I REMEMBER WHEN I first dug up the newspaper clippings about the crime as part of research for a school project (I was not quite one year old when the crime happened), what caught my attention was the note that police interviewed people in that park. In fact, had Cora Amurao not had the sense to hide under the bed, Speck likely would have gotten away with his crime – instead of spending the rest of his life in prison as the star of bootleg pornographic films.
Every time I drove by the eerie address after that, I could picture in my mind the police becoming extremely frustrated by their efforts because, “nobody saw nothin’.”
Even though the structure itself has since been torn down, I still know where it stood, and can picture it in my mind’s eye – even without driving east on 103rd street.
Then, there is Yates Avenue. I lived there when I was in high school, and my mother lived there for several more years before finally moving further away from Chicago proper.
I LIVED IN the middle of the block, and my mind can still picture the apartment building on the corner where on a late night in December 1987, the Calumet City police made Barney Fife look like a professional lawman.
On that night, a man who was seriously wasted on drugs (the kind that gave him way too much nervous energy, rather than put him to sleep) broke into an apartment unit, deciding he needed to have sexual contact with someone.
The woman who lived there ran out of the apartment screaming, and a neighbor called police. The woman’s 12-year-old daughter wound up suffering the brunt of the man’s sexual anger.
When police arrived, they had the mother telling them what was happening inside. They could hear screams from inside the building. Yet two rounds of police officers were hesitant to break in, out of fear they would be accused of over-reacting to the situation.
IT WASN’T UNTIL a third round of officers arrived at the scene that police entered the apartment, where they eventually had to use their clubs to beat the man off the girl.
I learned most of this detail two years later when the man was on trial in Cook County court in Markham. I was a reporter for the now-defunct City News Bureau of Chicago at the time, and I covered the trial for the wire service.
At the time, my mother still lived on Yates Avenue. It creeped me out more than any other story I ever wrote about (and I was a reporter walking the streets of Winnetka trying to get information the day in 1988 that Laurie Dann broke into an elementary school with a pistol and began shooting students and a teacher, before finally shooting herself) because of its proximity.
But I can’t say I’m going to be packing up my mother’s belongings and moving her away from Brookside Marketplace. One of the things I learned from being a reporter is that there really are no safe places.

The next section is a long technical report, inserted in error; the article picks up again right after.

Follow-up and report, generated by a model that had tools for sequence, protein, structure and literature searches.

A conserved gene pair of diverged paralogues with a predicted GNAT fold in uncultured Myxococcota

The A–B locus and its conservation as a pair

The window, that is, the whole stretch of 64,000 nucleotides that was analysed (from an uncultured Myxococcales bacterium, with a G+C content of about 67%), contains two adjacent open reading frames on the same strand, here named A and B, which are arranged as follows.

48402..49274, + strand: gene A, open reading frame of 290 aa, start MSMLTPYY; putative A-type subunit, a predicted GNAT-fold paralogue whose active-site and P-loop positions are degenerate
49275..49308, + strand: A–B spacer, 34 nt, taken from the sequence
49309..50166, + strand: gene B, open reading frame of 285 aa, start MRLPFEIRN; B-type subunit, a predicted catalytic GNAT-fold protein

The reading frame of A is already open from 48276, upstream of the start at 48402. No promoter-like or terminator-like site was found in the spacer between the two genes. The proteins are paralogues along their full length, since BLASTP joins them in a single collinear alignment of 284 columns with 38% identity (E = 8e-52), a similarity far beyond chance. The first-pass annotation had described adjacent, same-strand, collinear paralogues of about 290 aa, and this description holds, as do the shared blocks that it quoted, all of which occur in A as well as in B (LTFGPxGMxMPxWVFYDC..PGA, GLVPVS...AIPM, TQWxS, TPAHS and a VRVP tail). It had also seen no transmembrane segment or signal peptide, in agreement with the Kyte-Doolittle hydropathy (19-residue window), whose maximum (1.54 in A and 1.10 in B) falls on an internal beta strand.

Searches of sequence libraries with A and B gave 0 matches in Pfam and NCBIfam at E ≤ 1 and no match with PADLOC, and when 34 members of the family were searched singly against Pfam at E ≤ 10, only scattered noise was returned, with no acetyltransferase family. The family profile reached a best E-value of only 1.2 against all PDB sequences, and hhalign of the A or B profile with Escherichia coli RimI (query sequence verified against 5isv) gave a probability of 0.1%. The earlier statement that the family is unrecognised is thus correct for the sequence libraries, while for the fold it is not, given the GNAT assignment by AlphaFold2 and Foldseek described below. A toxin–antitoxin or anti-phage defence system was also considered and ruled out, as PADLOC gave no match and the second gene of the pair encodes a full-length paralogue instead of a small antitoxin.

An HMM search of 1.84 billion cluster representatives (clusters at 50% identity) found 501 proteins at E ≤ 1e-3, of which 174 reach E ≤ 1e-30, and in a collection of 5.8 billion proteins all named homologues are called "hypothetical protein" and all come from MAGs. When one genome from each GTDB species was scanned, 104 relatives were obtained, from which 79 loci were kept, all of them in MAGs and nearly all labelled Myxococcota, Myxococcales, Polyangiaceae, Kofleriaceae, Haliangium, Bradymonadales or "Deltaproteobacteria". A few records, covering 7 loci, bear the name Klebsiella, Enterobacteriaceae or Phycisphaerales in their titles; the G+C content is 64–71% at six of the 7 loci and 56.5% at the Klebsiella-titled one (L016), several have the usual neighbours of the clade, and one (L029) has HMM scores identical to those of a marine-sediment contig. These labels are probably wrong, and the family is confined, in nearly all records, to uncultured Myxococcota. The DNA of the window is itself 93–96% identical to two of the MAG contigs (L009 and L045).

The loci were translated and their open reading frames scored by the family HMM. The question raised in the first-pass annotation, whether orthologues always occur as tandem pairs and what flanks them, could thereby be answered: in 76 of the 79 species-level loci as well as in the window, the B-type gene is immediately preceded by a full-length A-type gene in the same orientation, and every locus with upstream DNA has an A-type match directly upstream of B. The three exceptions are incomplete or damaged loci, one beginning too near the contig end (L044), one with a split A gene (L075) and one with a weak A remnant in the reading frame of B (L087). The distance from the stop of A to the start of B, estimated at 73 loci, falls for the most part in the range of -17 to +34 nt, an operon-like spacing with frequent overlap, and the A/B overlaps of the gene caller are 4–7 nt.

PEOPLE LIKE TO think they can find a neighborhood in Chicago or community elsewhere that is so secluded that no one can ever reach out to hurt them. Such places do not exist.
Something even happened when I lived in Springfield, Ill. One of my neighbors in the apartment complex where I lived became so enraged when he learned his wife was planning a trip to Las Vegas with another man that he went and got his gun, then refused to let her go.
The “hostage situation” in my apartment lasted about four hours, and I had to stand around outside waiting for police to let me back into my unit.
BUT THE 700 block of Bruns lane in Springfield doesn’t count as an “eerie address” for me because there were some tawdry details that made the story more pathetic, than chilling. Plus, no one got shot.
The bottom line is that bad things can happen anywhere. They are not restricted to the Englewood neighborhood, or some other place where “bad” people live (‘bad’ in this instance meaning, ‘not like me’).
They even happen in “extremely ordinary and dull” places like the Chicago suburbs.
EDITOR’S NOTES: Focusing attention on Tinley Park in the search for a gunman like local police are doing (http://www.suntimes.com/news/metro/776717,CST-NWS-shoot05.article) could be a mistake. Brookside Marketplace is located on Harlem Avenue literally where the street intersects with Interstate 80.
Tinley Park Mayor Ed Zabrocki tries to calm the population (http://www.tinleypark.org/) of his village by telling them the obvious; evil can happen anywhere. But it is interesting to know that flags in the suburban village will remain at half-staff until Friday as a tribute to the dead.
For those of you who enjoy reading law enforcement attempts at writing in legalese, here (http://www.tinleyparkpolice.org/pdf/Lane%20Bryant%20update.pdf) is the latest update on the quintuple murders issued by the Tinley Park police department.